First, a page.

A friend of mine was lamenting over her daughter’s breakup with her boyfriend. At the end of their vacation, the boyfriend pronounced that he wanted to return to his previous girlfriend. Considering that all parties (except him, of course) believed that this vacation would end with a proposal of marriage, it was a devastating time in her daughter’s life.
“But at least she has her girlfriends,” my friend said. “And that is really more important.”
She’s right, I could not get through life without my girlfriends and sisters. We share a need for these close relationships.
So, how, and why do women form such intimate partnerships? Researchers theorize that in earlier societies women had to move into their new husband’s family circle, (much like traditional Chinese, Muslim, and Indian cultures do today). Alone in their new world, it was essential for women to quickly build connections with other women for emotional support and help.
Research shows that close female friendships are more important for women than they are for men. By disclosing vulnerable information, women build trust quickly. As a result, women’s friendships tend to be more intense. These friendships thrive on intuition, intimacy, emotional support, and deep connection. This close relationship even results in the release of oxytocin and serotonin. The latter is a neurotransmitter that helps combat depression and can create a general feeling of well-being.
Male friendships are less intimate and more side-to-side. They tend to hang out in groups, while women prefer smaller, more intimate relationships. Women’s relationships are face-to-face and maintained through intimacy, communication, and support. Men are more likely to remain friends after a disagreement, but women-to-women relationships can be more fragile.
A researcher asked each gender what they were looking for in a friendship. Men preferred friends that have common interests, offer wealth or status, and can help them find dates, while women expressed more interest in friends who offered emotional support. Friendships between males are often transactional. Men have a larger number of friends, but fewer intimate ones. Men are more likely to bond by engaging in shared activities, such as sports, while women tend to bond through disclosing secrets, talking, and spending time together.
Men make friends easier as they do not feel pressure to disclose personal information. A humorous anecdote with my husband underscores this. When my husband and I were making our wedding plans, he asked me to hold off sending invitations until he told his weekly golfing partners that he was seeing someone (we had been dating for 18 months).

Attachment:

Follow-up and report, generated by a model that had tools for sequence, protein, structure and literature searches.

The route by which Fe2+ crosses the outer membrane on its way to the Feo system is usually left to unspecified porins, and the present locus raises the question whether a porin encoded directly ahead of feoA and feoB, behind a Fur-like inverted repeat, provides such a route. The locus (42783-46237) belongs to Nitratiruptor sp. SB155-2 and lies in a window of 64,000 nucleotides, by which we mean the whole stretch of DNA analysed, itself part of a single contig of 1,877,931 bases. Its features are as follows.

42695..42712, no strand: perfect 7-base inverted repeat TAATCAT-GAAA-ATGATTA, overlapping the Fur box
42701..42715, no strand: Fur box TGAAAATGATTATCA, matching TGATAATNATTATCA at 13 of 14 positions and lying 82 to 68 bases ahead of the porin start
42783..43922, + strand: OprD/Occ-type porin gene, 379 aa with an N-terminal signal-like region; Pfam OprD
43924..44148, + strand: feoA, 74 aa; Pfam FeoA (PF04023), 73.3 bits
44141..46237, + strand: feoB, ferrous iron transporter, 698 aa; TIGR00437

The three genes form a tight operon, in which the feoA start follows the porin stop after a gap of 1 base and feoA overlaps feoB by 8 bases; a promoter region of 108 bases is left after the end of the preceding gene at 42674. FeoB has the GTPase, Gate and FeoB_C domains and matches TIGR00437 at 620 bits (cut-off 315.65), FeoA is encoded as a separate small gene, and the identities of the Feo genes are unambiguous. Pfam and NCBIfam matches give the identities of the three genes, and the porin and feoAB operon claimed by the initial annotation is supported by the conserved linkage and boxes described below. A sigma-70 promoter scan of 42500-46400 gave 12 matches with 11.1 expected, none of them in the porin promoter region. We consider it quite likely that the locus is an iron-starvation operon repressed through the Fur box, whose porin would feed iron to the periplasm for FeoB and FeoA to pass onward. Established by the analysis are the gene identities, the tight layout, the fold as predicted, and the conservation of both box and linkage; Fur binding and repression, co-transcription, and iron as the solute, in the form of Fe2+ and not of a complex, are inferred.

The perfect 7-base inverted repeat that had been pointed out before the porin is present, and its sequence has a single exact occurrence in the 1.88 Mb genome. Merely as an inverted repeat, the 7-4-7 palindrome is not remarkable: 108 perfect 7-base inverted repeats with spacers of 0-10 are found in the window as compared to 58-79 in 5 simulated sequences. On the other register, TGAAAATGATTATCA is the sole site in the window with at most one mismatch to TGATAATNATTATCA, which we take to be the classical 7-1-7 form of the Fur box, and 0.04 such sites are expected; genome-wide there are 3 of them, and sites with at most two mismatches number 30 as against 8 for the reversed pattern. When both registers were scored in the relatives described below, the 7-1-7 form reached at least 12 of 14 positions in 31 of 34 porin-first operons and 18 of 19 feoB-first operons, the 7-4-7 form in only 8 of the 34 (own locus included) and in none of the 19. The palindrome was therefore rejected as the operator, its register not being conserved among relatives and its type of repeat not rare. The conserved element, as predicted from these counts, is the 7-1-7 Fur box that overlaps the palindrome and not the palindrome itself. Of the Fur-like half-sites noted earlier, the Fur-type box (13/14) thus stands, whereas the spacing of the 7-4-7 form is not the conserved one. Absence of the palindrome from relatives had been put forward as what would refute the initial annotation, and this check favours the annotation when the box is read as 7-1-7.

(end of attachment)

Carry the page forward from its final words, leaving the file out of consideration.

Why are girlfriends important to women?
Everyone who has them knows the answer…but just in case, this is what psychologists say:
- Girlfriends are the backbone of women’s support system.
- Girlfriends offer a different and honest perspective. They serve as a sounding board and offer an outsider’s viewpoint. They are a safe outlet to discuss problems and try out possible solutions.
- Girlfriends frequently act as a trusted advisor, their goal is to help.
- Girlfriends operate in a trust environment that allows them to share secrets and honesty.
- Girlfriends boost self-esteem.
- Girlfriends are dependable and loyal.
- Girlfriends are essential when life goes sideways.
- Girlfriends provide love and support as well as a safety net.
- Girlfriends are each other’s champions.
- There are medical benefits as well. Women with strong friendships have higher survival rates from breast cancer, less depression, less stress, and have a longer life expectancy.
- Same age friends offer a shared experience.
- Sharing a positive experience with a girlfriend increases excitement.
- Older women with strong girlfriends have improved self-care. When someone sincerely worries about us, we are more conscientious.
- Prolonged conversations with girlfriends stimulate brain activity.
- Overall, girlfriends serve as a crucial emotional support system: giving advice, being a shoulder to cry on, keeping secrets, listening, while boosting self-esteem.
The Memoirist, Rebecca Traister, said it best. “Female friendship has been the bedrock of women’s lives for as long as there have been women.”
Angela Rieck, a Caroline County native, received her PhD in Mathematical Psychology from the University of Maryland and worked as a scientist at Bell Labs, and other high-tech companies in New Jersey before retiring as a corporate executive. Angela and her dogs divide their time between St Michaels and Key West Florida. Her daughter lives and works in New York City.
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